Grape vines such as Concord, Fredonia and Himrod, should be pruned every year, preferably in late winter or early spring before the buds start to swell. Later pruning increases the danger of damaging tender buds, and bleeding at pruning wounds is usually greater (it actually causes little or no harm to the vine), but it is better to prune late than not to prune at all. Don't prune the vine while it is frozen.
Left unpruned, the vine may bear more fruit than it can take care of, the grapes are not as large, sweet and tasty, they don't ripen as early as they should, there is poor fruit formation, and the vigor of the vine is impaired.
Pruning a young vine isn't much of a problem. If it is an old vine rambling all over the place, pruning it properly is about as difficult as trying to explain comprehensively how to do it.
If the fruit doesn't mean much to you and if birds get most of it anyway (you can protect it by putting a plastic bag over each bunch as it matures), don't bother to prune until you start getting complaints from the birds about poor quality.
To prune properly, it is necessary to understand the structure of the vine. There is the trunk coming out of the ground. Attached to the trunk are arms, or branches more than 2 years old. Canes grow from the arms. They are last year's growth, are just 1 year old and will be arms next year. The arms have gray shaggy bark, the canes are brown and have smooth bark.
On the canes are fat growth buds which will develop into shoots which bear leaves, flowers and fruit.
The amount of pruning depends largely on the vigor of the vine. In general, a healthy, vigorous vine should have about 40 to 50 buds after pruning (4 or 5 canes, each with 10 buds which will become shoots).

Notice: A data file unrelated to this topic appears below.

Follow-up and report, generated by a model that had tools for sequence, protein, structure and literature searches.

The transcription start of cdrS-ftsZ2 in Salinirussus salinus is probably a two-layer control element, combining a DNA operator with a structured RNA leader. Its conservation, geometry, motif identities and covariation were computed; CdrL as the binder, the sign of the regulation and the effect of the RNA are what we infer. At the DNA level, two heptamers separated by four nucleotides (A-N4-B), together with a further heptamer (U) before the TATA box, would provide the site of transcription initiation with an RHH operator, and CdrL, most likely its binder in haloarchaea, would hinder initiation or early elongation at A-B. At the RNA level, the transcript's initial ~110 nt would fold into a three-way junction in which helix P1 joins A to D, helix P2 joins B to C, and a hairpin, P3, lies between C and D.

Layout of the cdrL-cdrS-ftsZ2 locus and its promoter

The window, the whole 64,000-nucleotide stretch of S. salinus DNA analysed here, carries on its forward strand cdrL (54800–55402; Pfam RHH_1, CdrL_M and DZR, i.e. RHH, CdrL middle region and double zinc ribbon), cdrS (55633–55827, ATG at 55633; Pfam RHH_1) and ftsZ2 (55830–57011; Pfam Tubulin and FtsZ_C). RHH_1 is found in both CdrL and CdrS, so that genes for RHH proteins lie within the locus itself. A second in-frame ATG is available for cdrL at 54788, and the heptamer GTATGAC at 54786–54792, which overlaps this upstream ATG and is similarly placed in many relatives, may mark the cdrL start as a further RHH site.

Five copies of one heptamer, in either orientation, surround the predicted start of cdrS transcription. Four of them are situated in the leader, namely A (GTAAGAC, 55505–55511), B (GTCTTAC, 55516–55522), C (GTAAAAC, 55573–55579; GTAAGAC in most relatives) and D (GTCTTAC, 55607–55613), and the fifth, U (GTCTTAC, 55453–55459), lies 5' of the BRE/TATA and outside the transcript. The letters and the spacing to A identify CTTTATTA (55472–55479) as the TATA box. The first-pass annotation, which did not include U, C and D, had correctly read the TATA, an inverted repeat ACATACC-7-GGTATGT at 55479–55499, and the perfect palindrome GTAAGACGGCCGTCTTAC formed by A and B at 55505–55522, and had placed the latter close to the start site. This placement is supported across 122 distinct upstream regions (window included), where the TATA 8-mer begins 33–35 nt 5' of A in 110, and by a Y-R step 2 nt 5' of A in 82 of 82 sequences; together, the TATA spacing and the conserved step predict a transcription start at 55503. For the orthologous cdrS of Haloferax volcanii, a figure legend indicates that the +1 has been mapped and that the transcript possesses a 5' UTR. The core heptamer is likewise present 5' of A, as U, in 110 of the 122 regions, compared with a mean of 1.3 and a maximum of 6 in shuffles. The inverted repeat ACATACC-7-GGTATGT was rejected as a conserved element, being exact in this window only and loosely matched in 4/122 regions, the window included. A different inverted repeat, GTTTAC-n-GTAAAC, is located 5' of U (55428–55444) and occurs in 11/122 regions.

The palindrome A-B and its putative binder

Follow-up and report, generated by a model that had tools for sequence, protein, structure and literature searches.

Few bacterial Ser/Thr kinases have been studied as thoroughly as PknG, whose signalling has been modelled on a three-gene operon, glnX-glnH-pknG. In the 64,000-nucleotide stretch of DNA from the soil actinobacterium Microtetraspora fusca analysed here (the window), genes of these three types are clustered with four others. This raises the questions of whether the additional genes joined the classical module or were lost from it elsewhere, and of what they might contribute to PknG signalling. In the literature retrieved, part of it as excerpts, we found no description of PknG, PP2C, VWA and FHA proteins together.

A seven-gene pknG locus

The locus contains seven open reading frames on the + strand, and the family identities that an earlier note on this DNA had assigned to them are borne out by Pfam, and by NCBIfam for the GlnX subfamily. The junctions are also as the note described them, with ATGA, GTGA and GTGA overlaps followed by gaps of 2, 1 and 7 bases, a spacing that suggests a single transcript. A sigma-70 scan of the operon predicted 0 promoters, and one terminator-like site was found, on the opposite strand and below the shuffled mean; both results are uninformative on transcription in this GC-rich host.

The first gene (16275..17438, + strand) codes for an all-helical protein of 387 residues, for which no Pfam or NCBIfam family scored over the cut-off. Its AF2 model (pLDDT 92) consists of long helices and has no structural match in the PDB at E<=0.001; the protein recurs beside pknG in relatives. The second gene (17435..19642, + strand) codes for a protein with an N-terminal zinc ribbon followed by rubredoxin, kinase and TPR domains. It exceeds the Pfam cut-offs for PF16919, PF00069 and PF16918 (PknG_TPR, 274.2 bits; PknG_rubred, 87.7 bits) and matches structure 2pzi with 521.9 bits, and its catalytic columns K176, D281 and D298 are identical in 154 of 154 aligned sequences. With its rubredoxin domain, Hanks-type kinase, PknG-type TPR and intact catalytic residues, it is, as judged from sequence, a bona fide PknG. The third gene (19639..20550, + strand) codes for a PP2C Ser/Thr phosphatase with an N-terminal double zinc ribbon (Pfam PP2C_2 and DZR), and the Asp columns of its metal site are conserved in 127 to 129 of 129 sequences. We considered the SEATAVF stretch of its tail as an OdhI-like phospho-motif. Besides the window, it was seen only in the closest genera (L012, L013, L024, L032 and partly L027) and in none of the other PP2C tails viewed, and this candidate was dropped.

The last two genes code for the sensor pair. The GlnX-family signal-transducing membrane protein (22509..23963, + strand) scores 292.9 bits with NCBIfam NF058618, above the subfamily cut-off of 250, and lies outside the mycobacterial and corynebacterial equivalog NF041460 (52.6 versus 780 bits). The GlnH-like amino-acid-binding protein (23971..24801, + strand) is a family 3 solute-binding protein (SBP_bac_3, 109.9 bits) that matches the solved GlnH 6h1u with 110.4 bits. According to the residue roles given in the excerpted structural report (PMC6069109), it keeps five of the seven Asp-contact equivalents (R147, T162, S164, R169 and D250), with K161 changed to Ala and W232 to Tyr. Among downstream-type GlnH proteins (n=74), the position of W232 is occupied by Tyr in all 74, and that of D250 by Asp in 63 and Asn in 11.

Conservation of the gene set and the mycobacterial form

The canes remaining after pruning should be 4 to 6 feet long and about the thickness of a lead pencil. One cane per arm is best, but two or three can be satisfactory.
In addition to the fruiting canes, leave about 6 canes for renewal. These should be as close to the trunk as possible. Shorten the canes so that only 1 or 2 buds remain. These buds will provide next year's canes which in turn will provide the leaves, flowers and fruit.
An old vine can be rejuvenated so that it should bear good fruit again is about two years.
The first step is to remove all dead and extremely weak wood. Then shorten the trunk so as to leave 8 to 10 strong canes. Shorten one-half of the remaining canes, leaving 8 to 10 buds on each, and cut the other half back to 1 to 2 buds each.
This heavy pruning stimulates the development of strong new shoots nearer the main trunk and at the same time provides some fruit the same year. One year later, prune to thin out the canes leaving only the ones for fruiting and renewal.
Fertilizing the vine encourages growth of new shoots and increases quality of the grapes. A good general rule is to give the vine two to four pounds of 5-10-5 fertilizer each year, making the application in late winter or early spring.